State Street in Bristol, Tenn., and Bristol, Va., was named one of 15 great places by the American Planning Association (APA). The organization’s Great Places program annually recognizes streets, neighborhoods and public spaces for demonstrating exceptional character, quality and planning, according to the statement announcing this year’s winners. “Bristol was nominated for State Street for the work both localities have been doing on the street itself. A good many projects have been community-driven and led by both the Virginia side and the Tennessee side,” APA President Earl Anderson said in September. (Bristol Herald Courier)

BVU Authority power customers can expect to pay a bit less for electricity in the months ahead. The Tennessee Valley Authority recently approved BVU absorbing TVA’s planned base rate price increase that went into effect Oct. 1. That means most BVU customers won’t be charged the additional amount, which amounts to a projected saving of $555,000. An additional rate reduction is expected to be approved before the end of this year, President and CEO Don Bowman said. In August, the BVU board approved reducing the rates it charges power customers. A customer who uses 1,000 kilowatt hours per month is expected to save almost $5 per month or about $58 per year. If approved by TVA, that cut is expected to go into effect Dec. 1 and save ratepayers an estimated $1.2 million. (Bristol Herald Courier)

Emory & Henry College has established a new certification course for athletic trainers to help in filling much-needed positions in the region. Previously, students could obtain certification as an athletic trainer by either a four-year undergraduate course or two-year graduate course. Starting with this first course in May, the only path to certification as an athletic trainer is through the master’s program. (

Tazewell County is hoping to take advantage of a federal grant to improve internet service in the county. At its Oct. 2 meeting, the Board of Supervisors authorized the wireless service authority to apply for a $4 million grant from the state Department of Housing and Community Development. Interim County Administrator Eric Young said the $4 million is what is available statewide from the federal government. He said the department of housing and community development is administering the funds in Virginia and the grant requires a 20 percent match. That money could come from the county or a private investor. (

Eldor Corp. has begun production at its $75 million manufacturing facility in Botetourt County. The company makes ignition systems, electronic control units and hybrid and electric vehicle systems. In March 2016 the Italian company announced plans to locate its first North American plant in Daleville. It marked the biggest economic news in the county’s history and the largest  expansion of new manufacturing jobs in the Roanoke Valley since before the Great Recession a decade ago. The company has hired about 120 people and has plans to have 350 employees in the next four to five years. (The Roanoke Times)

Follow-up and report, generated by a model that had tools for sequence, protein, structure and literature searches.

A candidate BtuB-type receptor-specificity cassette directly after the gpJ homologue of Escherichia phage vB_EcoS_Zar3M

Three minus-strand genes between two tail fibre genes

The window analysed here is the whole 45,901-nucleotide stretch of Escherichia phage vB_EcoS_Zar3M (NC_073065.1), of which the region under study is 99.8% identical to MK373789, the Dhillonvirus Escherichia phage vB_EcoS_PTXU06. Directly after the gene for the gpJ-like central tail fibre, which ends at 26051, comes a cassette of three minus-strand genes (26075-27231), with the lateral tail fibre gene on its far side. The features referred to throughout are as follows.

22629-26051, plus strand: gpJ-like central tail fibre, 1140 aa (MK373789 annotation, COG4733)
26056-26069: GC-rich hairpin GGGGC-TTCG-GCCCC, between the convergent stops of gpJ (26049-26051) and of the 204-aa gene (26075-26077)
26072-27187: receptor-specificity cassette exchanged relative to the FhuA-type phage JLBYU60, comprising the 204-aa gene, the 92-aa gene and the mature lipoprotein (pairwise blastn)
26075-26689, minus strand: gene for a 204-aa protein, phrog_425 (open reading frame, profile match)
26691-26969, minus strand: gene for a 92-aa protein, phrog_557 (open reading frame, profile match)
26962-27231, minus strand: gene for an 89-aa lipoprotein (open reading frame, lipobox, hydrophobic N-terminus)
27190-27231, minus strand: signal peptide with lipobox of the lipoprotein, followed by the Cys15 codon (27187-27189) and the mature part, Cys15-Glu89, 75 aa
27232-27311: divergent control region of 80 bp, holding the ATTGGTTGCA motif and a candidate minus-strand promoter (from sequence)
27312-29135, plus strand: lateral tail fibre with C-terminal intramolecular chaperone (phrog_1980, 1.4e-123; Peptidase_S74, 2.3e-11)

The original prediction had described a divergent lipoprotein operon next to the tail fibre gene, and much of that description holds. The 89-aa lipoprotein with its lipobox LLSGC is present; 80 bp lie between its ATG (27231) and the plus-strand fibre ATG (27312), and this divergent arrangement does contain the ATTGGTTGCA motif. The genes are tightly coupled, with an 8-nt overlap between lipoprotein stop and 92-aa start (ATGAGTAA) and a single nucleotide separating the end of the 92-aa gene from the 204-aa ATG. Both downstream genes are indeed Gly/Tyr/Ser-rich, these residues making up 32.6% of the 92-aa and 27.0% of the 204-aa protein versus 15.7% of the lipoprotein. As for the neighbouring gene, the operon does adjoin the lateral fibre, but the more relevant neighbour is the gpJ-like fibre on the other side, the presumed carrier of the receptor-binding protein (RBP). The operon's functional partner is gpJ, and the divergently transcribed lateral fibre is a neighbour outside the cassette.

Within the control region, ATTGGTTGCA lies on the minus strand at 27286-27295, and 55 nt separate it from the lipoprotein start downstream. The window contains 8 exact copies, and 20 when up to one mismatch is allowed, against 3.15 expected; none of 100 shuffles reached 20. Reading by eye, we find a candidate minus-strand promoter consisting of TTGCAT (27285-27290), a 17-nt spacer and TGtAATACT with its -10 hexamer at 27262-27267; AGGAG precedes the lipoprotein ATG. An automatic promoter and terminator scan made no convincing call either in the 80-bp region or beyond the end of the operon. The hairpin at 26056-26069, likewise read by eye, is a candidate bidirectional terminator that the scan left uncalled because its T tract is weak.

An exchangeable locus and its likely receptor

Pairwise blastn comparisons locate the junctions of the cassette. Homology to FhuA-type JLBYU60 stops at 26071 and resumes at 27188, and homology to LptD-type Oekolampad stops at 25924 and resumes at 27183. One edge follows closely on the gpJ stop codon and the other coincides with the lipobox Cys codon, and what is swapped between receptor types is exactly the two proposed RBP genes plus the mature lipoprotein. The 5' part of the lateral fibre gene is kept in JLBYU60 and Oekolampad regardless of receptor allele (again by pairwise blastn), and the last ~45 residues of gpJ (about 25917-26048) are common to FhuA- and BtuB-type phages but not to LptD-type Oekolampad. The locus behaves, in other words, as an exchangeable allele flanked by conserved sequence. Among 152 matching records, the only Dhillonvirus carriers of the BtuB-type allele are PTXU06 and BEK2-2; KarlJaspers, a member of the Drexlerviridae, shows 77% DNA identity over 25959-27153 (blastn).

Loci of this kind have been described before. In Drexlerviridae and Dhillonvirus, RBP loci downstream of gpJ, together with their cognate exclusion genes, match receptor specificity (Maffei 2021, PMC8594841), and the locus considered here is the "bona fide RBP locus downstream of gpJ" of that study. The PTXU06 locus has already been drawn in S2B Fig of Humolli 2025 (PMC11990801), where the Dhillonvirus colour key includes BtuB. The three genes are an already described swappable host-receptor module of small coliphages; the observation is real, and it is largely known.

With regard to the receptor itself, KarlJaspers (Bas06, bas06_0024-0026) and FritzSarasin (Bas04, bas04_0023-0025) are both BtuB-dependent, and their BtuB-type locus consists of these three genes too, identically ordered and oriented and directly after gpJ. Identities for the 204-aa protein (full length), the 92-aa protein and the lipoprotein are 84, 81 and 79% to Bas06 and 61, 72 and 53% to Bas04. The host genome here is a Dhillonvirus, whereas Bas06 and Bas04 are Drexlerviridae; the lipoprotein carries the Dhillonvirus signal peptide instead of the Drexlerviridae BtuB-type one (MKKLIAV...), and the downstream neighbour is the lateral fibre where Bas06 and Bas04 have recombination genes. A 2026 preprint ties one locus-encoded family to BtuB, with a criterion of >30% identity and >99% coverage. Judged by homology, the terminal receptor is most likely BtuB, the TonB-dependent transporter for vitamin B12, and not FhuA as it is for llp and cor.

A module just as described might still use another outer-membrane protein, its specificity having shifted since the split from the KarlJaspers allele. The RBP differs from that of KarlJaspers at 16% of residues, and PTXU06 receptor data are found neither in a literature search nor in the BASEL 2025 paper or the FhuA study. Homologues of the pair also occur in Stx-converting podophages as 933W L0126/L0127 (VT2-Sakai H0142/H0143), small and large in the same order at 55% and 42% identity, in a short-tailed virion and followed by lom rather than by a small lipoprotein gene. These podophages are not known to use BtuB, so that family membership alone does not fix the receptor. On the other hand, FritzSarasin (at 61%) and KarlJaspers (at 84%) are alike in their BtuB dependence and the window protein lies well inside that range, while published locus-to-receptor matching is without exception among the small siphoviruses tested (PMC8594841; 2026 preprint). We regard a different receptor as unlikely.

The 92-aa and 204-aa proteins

Federal regulators have approved a plan to stabilize a section of the Jefferson National Forest where construction of a natural gas pipeline began but was later halted by a lawsuit raising environmental concerns. The measures required by the Federal Energy Regulatory Commission — along with a separate decision by the U.S. Forest Service to reopen two of its roads that had been closed for construction — indicate that it could be months before work on the Mountain Valley Pipeline is allowed to resume in the forest. In July, a federal appeals court invalidated an approval by the Forest Service for a 3.5-mile segment of the buried pipeline to cross public woodlands in Monroe County, W.Va., and Giles and Montgomery counties. (The Roanoke Times)

As Franklin County works to bring broadband to more areas of the rural locality, it may partner with northern neighbors. A draft of what’s being called a “teaming agreement” with the Roanoke Valley Broadband Authority was presented to the Franklin County Broadband Authority, whose membership consists of the county Board of Supervisors. Steve Sandy, the county’s director of planning and community development, said the agreement would provide an opportunity for the two entities to work together. (The Roanoke Times)

LewisGale Regional Health System has acquired Virginia Orthopaedic. Nine of the practice’s 10 providers will remain with the new organization, LewisGale Physicians — Virginia Orthopedics. Virginia Orthopaedic was formed in 1999 and is located near LewisGale Medical Center in Salem. (The Roanoke Times)

Employees of Yokohama Tire Co. in Salem have ratified a new labor contract that will be in effect through Sept. 14, 2022, according to their union, United Steelworkers Local 1023. In a Facebook post, United Steelworkers, which represents about 600 employees at the plant, said the contract won approval with a majority of the popular vote. The union’s last contract, approved in 2014, was originally set to expire in May, but workers said an extension was agreed to while negotiations continued. (The Roanoke Times)